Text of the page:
My husband, the organizer, wants a plan for our precious daughter’s kindergarten year that’s coming up this fall. While I would have been content with nature play and finger rhymes, he asked me for a syllabus, a schedule, a well-planned year. This unexpected turn left me a little overwhelmed.
Truthfully, I love putting together curriculum, but getting everything organized and staying organized is not my strong suit. I am planning our Charlotte Mason kindergarten curriculum step-by-step, beginning with the big picture and gradually narrowing in on the everyday plans.
Scheduling a Charlotte Mason Kindergarten
Before jumping into the curriculum, I made a schedule. Instead of just trying to make it from scratch, I worked backwards using the Charlotte Mason Complete Homeschool Planner. I used one of the weekly Charlotte Mason schedule template planning pages and Washi tape to block out subjects that we aren’t going to tackle this year, and isolate days that we want to approach a subject. This visual approach was much easier for me than trying to add subjects and blocks of time.
I left out some subjects completely (writing, language arts, and geography, which we approach by-the-way during the many hours we spend outdoors.) A long piece of Washi tape ran down an entire day when my daughter will be at a homsechool program. And little bits of tape blocked out some days for subjects that we will only approach once a week or so.
With this information, I easily pieced together a Charlotte Mason kindergarten schedule for our days. All of my times are approximations; I’m more concerned with the blocks of time I’ve established than what the clock says when we get to each subject!
Planning the Year
With a schedule in place, I now knew how much to prepare for our laid-back, mostly informal kindergarten. Over the past year or so, I kept a mental list of books that we hadn’t yet read, but wanted to read. These are books from Ambleside Online year 0, and also Charlotte Mason kindergarten curricula from helpful blogs that I’ve found.
The quarter planning pages from the Charlotte Mason Complete Homeschool Planner worked perfectly for this stage in my planning. It gives me room to write book titles or things that we want to accomplish each quarter. I printed off four sets of these sheets so I can plan out our entire year, per my husband’s request.
My mental list of books to include in our kindergarten curriculum was built by paying close attention in Charlotte Mason groups, doing quick pre-reading during our library trips, and reading book reviews on Amazon and Goodreads.
I’ve also scoured these resources for ideas:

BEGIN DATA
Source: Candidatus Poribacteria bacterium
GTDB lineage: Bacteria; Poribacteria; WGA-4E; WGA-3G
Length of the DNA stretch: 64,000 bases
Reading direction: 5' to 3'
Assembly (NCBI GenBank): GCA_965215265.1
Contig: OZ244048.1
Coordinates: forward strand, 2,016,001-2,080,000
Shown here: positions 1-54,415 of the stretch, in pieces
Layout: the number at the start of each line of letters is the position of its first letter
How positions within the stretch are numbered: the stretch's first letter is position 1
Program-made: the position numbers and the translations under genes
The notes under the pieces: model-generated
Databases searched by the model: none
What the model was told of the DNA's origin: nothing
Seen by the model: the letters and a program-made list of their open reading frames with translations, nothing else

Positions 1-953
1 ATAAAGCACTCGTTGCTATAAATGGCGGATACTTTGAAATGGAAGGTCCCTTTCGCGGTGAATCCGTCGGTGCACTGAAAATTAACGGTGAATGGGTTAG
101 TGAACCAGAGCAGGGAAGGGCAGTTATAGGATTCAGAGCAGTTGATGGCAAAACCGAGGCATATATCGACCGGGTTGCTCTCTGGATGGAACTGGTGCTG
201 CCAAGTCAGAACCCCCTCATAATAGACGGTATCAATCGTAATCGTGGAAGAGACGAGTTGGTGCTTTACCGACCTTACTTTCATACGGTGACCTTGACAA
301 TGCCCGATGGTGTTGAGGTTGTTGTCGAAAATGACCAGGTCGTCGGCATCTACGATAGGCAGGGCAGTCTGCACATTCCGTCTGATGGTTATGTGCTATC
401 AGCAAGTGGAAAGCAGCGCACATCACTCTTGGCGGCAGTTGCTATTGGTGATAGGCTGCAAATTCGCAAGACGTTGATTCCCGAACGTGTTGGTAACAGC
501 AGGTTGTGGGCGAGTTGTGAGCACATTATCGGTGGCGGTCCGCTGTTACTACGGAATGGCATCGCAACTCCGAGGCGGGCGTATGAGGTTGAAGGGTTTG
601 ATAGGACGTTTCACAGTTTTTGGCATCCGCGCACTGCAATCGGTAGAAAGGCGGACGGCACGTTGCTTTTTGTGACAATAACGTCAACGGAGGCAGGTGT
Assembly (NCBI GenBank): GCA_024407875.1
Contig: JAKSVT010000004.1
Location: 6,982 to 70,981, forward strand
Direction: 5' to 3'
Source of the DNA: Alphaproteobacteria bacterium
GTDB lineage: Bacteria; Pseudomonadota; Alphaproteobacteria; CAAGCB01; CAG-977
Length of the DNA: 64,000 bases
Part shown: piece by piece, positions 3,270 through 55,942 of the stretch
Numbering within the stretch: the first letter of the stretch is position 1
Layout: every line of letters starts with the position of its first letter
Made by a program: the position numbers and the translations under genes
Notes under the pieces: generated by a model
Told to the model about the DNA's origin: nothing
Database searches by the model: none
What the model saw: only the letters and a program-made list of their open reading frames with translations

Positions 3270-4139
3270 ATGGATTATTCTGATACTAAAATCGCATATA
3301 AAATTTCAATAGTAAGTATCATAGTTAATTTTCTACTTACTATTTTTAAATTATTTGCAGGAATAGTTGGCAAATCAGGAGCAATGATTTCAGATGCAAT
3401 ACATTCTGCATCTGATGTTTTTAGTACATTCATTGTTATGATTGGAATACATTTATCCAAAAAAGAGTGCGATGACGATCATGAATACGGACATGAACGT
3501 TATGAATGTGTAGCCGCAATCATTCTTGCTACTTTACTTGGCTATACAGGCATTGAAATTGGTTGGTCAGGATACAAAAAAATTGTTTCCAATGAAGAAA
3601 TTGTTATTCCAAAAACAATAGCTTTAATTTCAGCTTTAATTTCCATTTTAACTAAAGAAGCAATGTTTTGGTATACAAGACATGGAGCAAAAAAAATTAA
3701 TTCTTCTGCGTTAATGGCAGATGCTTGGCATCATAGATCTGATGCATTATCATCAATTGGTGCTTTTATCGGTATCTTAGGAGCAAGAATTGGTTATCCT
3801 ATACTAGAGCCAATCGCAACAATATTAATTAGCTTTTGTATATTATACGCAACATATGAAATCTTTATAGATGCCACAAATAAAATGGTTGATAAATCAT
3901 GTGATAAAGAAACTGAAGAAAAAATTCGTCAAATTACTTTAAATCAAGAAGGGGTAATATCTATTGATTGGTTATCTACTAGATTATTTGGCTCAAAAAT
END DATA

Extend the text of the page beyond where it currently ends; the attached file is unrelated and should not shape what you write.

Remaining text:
The Bookroom (Facebook Group)
Planning Charlotte Mason Lesson Plans Each Week
I’m excited to get started planning, but writing plans down too far in advance inevitably means that everything will change by then, leaving me to piece together new plans at the last minute! This summer, I’ll spend some time planning using the super-simple planning technique I developed when I was a teacher: Post-it Notes!
When I pre-read, I just make little notes on Post-its about things I’d like to bring to light: maybe vocabulary words, maybe ideas that I can ask subtle questions about, or maybe a little extra background information that my daughter will need to know before we dig in. I just stick that note into the book, and when I’m ready to plan for the week, I transfer my notes over to the planner. This will allow me to plan far in advance without getting too overwhelmed, while still allowing myself flexibility.
I printed off the pages for my planner and put them in a 1-inch binder. The only binder I could find happened to be my old lesson planning binder when I was a public school teacher. I was so shocked thumbing through my old plans: terribly written paragraphs that were used as examples for the writing program I had to follow in that school, lots of fill-in-the-blank pages, and math worksheet after math worksheet. What beautiful, living lessons will fill it now!
My goal is to set up my planning binder so it’s as easy to use as possible. Washi tape dividers allow me to navigate my plans in the midst of lessons. Eventually, I will have lots of weekly planner pages in my binder, as well as schedules, quarterly plans, book lists, etc. Folding a piece of Washi tape on the first page of each new section will make it really easy for me to navigate.
Another trick that I’ll use is hole punching some of my planning sheets on the wrong side (right side) of the paper. I know that this makes some of you cringe, but there is a purpose for this. If you have two weekly planning pages, and hole punch one on the left and one on the right, then they can sit side by side in your binder. This makes it easier to plan, in my opinion, because you can easily reference where you left off the week before. It’s also nice to be able to refer to past lessons without having to thumb through dozens of pages of plans.
I’m sure that I will have some changes to make before our casual Kindergarten starts in the fall, but I’m happy to have an idea of what our days will look like and what we will learn together.